One of the world's fifty living autistic savants is the first and only to tell his compelling and inspiring life story - and explain how his incredible mind works.
This unique first-person account offers a window into the mind of a high-functioning, 27-year-old British autistic savant with Asperger's syndrome. Tammet's ability to think abstractly, deviate from routine, and empathize, interact and communicate with others is impaired, yet he's capable of incredible feats of memorization and mental calculation. Besides being able to effortlessly multiply and divide huge sums in his head with the speed and accuracy of a computer, Tammet, the subject of the 2005 documentary Brainman, learned Icelandic in a single week and recited the number pi up to the 22,514th digit, breaking the European record. He also experiences synesthesia, an unusual neurological syndrome that enables him to experience numbers and words as "shapes, colors, textures and motions." Tammet traces his life from a frustrating, withdrawn childhood and adolescence to his adult achievements, which include teaching in Lithuania, achieving financial independence with an educational Web site and sustaining a long-term romantic relationship. As one of only about 50 people living today with synesthesia and autism, Tammet's condition is intriguing to researchers; his ability to express himself clearly and with a surprisingly engaging tone (given his symptoms) makes for an account that will intrigue others as well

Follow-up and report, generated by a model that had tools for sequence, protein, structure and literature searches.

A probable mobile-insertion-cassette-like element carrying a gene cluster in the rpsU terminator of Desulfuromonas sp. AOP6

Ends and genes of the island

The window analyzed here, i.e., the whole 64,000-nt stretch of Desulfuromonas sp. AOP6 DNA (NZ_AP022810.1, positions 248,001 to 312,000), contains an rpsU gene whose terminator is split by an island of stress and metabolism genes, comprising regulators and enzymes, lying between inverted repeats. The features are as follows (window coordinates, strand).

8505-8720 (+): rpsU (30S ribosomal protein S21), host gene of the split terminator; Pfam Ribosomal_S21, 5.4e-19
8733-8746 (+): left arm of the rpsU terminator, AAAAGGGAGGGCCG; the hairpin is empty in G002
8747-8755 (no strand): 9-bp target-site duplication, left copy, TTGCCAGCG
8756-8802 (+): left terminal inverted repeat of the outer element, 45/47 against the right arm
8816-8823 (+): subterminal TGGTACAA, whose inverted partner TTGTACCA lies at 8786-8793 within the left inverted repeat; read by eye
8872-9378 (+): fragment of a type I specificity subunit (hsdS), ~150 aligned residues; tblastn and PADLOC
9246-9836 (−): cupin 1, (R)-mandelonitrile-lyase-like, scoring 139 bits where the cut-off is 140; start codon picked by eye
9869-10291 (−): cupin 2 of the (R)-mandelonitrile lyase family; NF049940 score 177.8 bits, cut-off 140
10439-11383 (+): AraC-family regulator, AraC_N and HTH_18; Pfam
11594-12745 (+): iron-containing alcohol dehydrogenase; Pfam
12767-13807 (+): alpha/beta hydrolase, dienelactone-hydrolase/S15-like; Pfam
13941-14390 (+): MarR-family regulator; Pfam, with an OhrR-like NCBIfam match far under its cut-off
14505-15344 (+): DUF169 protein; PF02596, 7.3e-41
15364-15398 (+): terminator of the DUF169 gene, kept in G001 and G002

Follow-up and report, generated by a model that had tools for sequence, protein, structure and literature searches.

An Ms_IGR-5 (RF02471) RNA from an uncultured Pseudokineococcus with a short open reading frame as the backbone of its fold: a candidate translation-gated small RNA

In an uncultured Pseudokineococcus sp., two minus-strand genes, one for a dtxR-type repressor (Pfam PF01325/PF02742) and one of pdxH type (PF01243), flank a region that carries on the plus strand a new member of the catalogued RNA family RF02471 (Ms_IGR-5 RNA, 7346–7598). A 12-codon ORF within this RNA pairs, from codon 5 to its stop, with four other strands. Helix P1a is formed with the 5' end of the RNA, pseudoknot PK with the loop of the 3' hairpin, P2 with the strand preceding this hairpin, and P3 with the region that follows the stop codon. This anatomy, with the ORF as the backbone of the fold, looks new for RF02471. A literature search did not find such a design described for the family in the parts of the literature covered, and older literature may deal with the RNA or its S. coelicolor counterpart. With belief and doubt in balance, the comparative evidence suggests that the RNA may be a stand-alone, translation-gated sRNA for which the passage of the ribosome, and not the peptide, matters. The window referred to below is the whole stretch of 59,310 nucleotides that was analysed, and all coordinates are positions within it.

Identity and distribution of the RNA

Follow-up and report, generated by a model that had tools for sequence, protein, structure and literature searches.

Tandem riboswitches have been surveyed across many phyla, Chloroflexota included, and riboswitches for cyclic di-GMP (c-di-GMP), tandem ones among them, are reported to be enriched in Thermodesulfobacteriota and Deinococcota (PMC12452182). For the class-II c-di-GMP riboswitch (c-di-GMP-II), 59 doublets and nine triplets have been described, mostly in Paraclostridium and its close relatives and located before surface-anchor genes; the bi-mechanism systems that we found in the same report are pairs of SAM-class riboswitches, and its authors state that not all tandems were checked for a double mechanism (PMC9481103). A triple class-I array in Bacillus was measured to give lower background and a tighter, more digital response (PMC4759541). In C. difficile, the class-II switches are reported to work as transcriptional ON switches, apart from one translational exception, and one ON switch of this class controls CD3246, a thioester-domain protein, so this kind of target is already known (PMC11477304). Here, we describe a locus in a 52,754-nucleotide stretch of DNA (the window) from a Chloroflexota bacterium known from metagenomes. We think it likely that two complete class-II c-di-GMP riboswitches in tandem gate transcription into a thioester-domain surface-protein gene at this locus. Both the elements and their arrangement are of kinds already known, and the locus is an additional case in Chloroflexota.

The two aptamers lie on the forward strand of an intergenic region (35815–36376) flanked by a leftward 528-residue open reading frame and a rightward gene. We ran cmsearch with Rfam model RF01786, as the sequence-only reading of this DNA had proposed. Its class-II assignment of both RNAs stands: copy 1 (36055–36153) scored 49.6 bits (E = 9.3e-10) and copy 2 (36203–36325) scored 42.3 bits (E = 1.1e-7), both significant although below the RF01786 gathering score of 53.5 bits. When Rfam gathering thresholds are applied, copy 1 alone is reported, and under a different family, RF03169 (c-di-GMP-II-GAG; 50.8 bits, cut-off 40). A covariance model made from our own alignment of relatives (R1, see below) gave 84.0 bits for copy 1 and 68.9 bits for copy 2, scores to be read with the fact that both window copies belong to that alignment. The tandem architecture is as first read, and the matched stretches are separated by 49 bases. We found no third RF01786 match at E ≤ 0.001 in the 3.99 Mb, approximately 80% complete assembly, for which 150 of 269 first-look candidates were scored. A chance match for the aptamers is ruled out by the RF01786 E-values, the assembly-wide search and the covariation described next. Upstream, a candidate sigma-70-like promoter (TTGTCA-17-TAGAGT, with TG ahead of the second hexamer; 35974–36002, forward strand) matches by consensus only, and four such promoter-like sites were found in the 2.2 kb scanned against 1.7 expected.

My Review: This is a book that was recommended to me by a friend. I had heard of Daniel Tammet but did not realize he had a book out so needless to say I was curious to read this book.
Daniel is a high functioning autistic savant. He is one of only 50 living savants in the world and the only one that can explain his thought processes. This makes him remarkable in more ways than one.
This book is his autobiography and in it he details his life growing up knowing that he was different but not knowing how. He tells us how difficult school was and how he had a hard time connecting with other children.
The book was dry but nevertheless I found it a fascinating account of how he explained how his brain works. He has Synthesia which allows him to visualize numbers and letters as images. These images helps him memorize to such a degree that he broke England's record for reciting the most digits in the number PI.
He can also learn languages in just a week. He explains how for a TV program they asked him to learn Icelandic in just four days. After conversing in Icelandic for four days he was able to give an interview all in Icelandic. The way he learned it was amazing. I wish I could do that. I struggled to learn French.
This a rare account into the mind of an autistic savant. No other savant can communicate such details to us.
This is a book I think everyone should read if just for the educational opportunities it affords.